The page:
A recent article in The Guardian about Lisbon described the city as embracing “Monocle urbanism,” a shorthand for all that the magazine glorifies: plentiful local culture, a relaxed pace of life, modernized airports, and co-working spaces.
Who doesn’t like a good Japanese leather origami bag? But if nationalists have a point in decrying the “Global citizenship” that Monocle epitomizes, it lies in the magazine’s subtle approach to cultural homogenization.

The orginal article.

Summary of “Sexual harassment claims prompt venture capitalists to apologize, change policies and head to counseling”

Mark Suster, among Los Angeles’ most well-known venture capitalists, says he never fathomed that fellow investors would cross a line and sexually harass entrepreneurs.
Venture capitalists, the influential financiers who provide cash to start-ups, have begun making pledges, pursuing policy changes and even stepping down amid a flurry of accusations.
Venture capital firms, long dominated by male leadership, have slowly added more women to their ranks following a high-profile gender discrimination trial in 2015.
Attaching names to both victims and perpetrators has called attention more than ever before in tech to the massive power venture capitalists have over entrepreneurs who need their backing to pursue business ideas.
His action comes after a week of sexual harassment accusations against San Francisco venture capitalist Justin Caldbeck.
Encounters between entrepreneurs and investors fall into a tricky corner of employment law, though legal experts contend that sexual harassment litigation can pass muster in such situations in California.
In a reference-check call he received this week, an investor weighing a bet on a venture capital firm was asking more difficult questions than he’s ever encountered in such a call.
Several venture capital firms posted tweets in recent days in support of a “Decency Pledge” promulgated by LinkedIn co-founder Reid Hoffman.

The orginal article.

Summary of “The New Working Class”

As the political scientists Adam Przeworski and John Sprague explained in their 1986 book Paper Stones, social democratic parties, built on the assumption that the working class would grow steadily in size and power them to majority, instead were forced to face the unexpected stagnation and decline of their proletarian bases.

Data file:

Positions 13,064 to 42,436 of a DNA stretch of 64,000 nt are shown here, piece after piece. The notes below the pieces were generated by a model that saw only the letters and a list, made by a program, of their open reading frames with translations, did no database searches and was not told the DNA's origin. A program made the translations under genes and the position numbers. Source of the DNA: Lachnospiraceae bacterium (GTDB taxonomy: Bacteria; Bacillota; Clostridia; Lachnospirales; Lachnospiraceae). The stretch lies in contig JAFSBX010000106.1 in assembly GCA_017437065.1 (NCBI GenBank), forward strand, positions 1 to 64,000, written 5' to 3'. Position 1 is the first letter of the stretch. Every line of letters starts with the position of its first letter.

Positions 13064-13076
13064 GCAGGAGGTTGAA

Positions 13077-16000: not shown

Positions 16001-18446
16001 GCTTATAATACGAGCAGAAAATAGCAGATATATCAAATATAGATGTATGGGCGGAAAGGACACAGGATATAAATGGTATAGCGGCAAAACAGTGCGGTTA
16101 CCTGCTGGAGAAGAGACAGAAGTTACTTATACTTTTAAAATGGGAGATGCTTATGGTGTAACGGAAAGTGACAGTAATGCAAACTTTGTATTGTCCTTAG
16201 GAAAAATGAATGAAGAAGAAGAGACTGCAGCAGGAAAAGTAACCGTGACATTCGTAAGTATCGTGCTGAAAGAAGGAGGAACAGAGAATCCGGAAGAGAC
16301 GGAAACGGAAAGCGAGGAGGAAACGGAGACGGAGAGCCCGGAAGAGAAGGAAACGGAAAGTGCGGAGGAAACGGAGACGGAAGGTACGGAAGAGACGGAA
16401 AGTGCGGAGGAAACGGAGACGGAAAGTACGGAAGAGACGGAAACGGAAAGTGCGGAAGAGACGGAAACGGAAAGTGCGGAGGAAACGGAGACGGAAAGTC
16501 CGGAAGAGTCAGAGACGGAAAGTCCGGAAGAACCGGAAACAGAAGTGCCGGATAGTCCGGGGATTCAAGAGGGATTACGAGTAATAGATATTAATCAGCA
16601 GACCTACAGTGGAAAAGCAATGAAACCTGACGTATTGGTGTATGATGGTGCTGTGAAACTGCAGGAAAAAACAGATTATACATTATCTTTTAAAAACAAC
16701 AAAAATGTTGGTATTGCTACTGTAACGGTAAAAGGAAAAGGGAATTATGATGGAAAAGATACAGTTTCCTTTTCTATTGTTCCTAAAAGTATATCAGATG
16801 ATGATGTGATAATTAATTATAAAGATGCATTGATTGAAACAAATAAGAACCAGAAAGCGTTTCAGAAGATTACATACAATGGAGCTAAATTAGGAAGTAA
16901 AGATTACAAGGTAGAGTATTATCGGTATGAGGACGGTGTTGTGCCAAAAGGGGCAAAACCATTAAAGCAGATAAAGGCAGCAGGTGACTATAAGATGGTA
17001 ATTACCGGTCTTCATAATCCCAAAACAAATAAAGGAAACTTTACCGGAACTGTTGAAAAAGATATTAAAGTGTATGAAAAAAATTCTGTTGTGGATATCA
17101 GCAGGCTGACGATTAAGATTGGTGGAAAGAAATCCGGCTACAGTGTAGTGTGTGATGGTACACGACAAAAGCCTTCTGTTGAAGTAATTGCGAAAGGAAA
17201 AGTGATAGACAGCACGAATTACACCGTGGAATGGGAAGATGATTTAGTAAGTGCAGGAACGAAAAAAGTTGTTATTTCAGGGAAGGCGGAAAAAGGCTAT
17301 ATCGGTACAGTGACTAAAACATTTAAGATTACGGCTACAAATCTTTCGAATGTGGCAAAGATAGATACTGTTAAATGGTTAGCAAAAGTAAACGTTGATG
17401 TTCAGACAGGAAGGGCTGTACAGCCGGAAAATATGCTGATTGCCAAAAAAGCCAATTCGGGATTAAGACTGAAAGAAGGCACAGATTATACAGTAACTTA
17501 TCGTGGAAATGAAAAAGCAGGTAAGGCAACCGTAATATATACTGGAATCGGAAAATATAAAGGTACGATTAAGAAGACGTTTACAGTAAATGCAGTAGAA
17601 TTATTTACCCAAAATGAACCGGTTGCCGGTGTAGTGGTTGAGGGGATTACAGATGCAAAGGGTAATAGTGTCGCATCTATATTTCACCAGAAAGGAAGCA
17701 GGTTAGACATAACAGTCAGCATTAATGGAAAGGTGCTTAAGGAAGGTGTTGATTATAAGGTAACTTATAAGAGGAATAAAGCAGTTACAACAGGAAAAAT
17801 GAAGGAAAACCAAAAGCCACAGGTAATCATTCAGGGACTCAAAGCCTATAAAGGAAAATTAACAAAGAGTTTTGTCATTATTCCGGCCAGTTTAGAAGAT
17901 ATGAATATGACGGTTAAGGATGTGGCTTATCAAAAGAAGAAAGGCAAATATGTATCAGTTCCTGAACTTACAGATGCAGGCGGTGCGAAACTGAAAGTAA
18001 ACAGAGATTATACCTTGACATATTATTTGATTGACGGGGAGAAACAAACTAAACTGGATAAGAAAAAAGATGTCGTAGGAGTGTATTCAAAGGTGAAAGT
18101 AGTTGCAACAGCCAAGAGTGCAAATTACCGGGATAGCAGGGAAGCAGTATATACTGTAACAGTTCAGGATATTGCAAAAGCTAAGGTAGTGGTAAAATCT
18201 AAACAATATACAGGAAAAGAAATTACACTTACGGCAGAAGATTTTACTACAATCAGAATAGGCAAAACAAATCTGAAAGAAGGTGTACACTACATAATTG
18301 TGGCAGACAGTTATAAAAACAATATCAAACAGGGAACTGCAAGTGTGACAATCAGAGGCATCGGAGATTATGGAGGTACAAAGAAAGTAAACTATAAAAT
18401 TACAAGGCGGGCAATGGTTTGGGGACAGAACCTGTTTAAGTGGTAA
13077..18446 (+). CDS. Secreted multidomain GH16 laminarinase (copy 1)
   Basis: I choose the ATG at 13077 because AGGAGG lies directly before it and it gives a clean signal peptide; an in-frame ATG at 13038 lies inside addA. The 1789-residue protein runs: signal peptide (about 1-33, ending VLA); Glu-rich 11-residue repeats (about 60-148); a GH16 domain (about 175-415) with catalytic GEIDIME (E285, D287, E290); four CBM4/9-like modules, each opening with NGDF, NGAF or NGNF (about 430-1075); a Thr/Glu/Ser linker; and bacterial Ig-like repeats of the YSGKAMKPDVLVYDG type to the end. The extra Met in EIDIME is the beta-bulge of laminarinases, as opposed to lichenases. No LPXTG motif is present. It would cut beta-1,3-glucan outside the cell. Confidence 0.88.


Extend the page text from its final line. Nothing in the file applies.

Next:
In a recent piece in Slate, Yascha Mounk-director of the Tony Blair Institute for Global Change-wrote that the Democrats should focus on “States where appealing to the white working class is not as important as increasing turnout among minority groups and appealing to moderate voters in the suburbs.” Note the slippage: whatever program will appeal to the entity known as the “White working class” will not appeal to “Minority groups,” who are joined together in this analysis with “Moderate voters in the suburbs.” Has Mounk ever spoken to a working-class American outside of a customer transaction? It is difficult to imagine how the categories with which he operates could possibly have survived such an encounter.
The American working class is, after all, less white than the rest of American society, and, by all survey evidence, has more left-wing political views-by dint of its composition by race and gender, as well as its class experiences.
While Democrats have been pleading for the votes of suburban college graduates, a new working class has been in formation all the while.
While the idea of a new working class is not yet widely accepted, its distinguishing features are, on their own terms, familiar.
The working class has dissolved and reformed many times in history, and will continue to do so, with new grievances and opportunities at each juncture.
Today’s new working class will not come into being and simply resuscitate the forms of organization and collective action inherited from the postwar AFL-CIO. We probably won’t wake up one day to find that SEIU has become an organ of mass popular radicalism.
As the Trump administration prepares to shred the remnants of the safety net that it once promised to protect, we might see political rumbling in the sectors of the new working class bearing the immediate brunt: the people who care for the sick, the old, the young, and the poor.

The orginal article.